But what is the secret of Bislett? It’s the crowd. It’s the fans. The track is narrow, with only six lanes, and the grandstand is so steep that the fans are practically on top of you. “The sound of 21,000 screaming maniacs rakes your reflexes,” writes Kenny Moore, “forcing you to keep your rhythm, the crowd’s rhythm, for one more stretch, one more turn. The frenzied fans keep you going.” The lesson is: People run faster in front of great crowds, because they are running for others.
That’s why 62 records have been broken at Bislett. We run faster in front of great crowds because we are inspired by community — we run not only for ourselves but for the team, the family, the congregation, the tribe, the party, the nation. “Our deepest nature,” concludes Moore, “is that we are at our most majestic when we do for others.” And we can do more when we do for others. That is the Bislett Effect.
The apostle’s Peter and Paul knew all about The Bislett Effect. Paul was fond of using athletic metaphors to make a spiritual point. In I Peter chapter 2, Peter uses instead a construction metaphor. Addressing Christians who were scattered across five provinces in Asia Minor, he says: “like living stones, let yourselves be built into a spiritual house, to be a holy priesthood, to offer spiritual sacrifices acceptable to God through Jesus Christ” (1 Peter 2:5).
Peter is making a point similar to the Bislett effect. Christianity is not made up of a group of lone individuals each going their own way. Christianity is not about just my relationship to Jesus Christ. Rather, Jesus connects us all into one fellowship.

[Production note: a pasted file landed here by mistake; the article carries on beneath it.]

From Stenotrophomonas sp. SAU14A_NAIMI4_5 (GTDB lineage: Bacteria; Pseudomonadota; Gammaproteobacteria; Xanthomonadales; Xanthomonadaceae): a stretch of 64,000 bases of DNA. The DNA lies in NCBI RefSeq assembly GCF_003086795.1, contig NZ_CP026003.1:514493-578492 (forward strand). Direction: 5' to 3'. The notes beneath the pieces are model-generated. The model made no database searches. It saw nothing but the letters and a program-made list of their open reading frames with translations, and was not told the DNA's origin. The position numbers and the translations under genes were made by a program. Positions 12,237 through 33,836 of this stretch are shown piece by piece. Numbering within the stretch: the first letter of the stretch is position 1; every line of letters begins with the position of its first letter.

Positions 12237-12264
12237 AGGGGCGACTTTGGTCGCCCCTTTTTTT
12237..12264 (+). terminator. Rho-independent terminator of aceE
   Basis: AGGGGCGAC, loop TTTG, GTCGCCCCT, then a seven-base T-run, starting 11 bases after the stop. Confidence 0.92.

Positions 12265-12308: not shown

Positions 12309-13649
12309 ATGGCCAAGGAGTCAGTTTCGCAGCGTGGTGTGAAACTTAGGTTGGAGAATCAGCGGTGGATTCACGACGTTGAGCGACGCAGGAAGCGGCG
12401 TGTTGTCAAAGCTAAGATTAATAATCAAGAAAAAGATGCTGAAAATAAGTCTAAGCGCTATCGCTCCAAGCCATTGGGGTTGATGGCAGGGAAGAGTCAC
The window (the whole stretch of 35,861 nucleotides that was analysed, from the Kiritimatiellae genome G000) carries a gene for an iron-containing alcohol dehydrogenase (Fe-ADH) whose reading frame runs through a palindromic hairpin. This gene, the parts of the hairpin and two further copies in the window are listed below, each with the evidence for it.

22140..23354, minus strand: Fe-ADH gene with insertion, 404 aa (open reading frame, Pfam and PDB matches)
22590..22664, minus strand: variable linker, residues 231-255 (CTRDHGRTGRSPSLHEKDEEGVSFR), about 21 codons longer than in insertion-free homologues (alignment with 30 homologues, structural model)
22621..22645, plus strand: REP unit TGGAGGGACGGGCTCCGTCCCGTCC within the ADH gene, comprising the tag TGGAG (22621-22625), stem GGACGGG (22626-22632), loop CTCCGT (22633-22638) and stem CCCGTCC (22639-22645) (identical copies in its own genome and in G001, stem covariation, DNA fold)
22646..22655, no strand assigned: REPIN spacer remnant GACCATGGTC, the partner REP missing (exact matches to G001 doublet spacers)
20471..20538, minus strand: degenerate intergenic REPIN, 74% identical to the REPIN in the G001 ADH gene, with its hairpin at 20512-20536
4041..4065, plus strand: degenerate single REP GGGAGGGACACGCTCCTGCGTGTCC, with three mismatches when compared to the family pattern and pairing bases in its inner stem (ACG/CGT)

The Apostle Peter knows that inspiration comes from the crowd. He does not call it the Bislett Effect. He prefers instead the Living Stone Syndrome.
One day the world will reach its final goal and be consummated in Christ. The new Jerusalem will come down from on high and a new heaven and a new earth will be created. But that day is not yet and not now.
Now the people of God live in this imperfect world. We live by faith in Jesus and we gather in his name. We call our gatherings churches and the sum total of such gatherings is the church.
As Americans, we take for granted that everybody can go to church. Not so. We should treasure the privilege we have to come into God’s house and share God’s word. The sick, the imprisoned, cannot come. Christians in some nations cannot assemble together for fear of persecution. They are part of the great invisible fellowship of Christians, but sadly they are not part of a visible fellowship.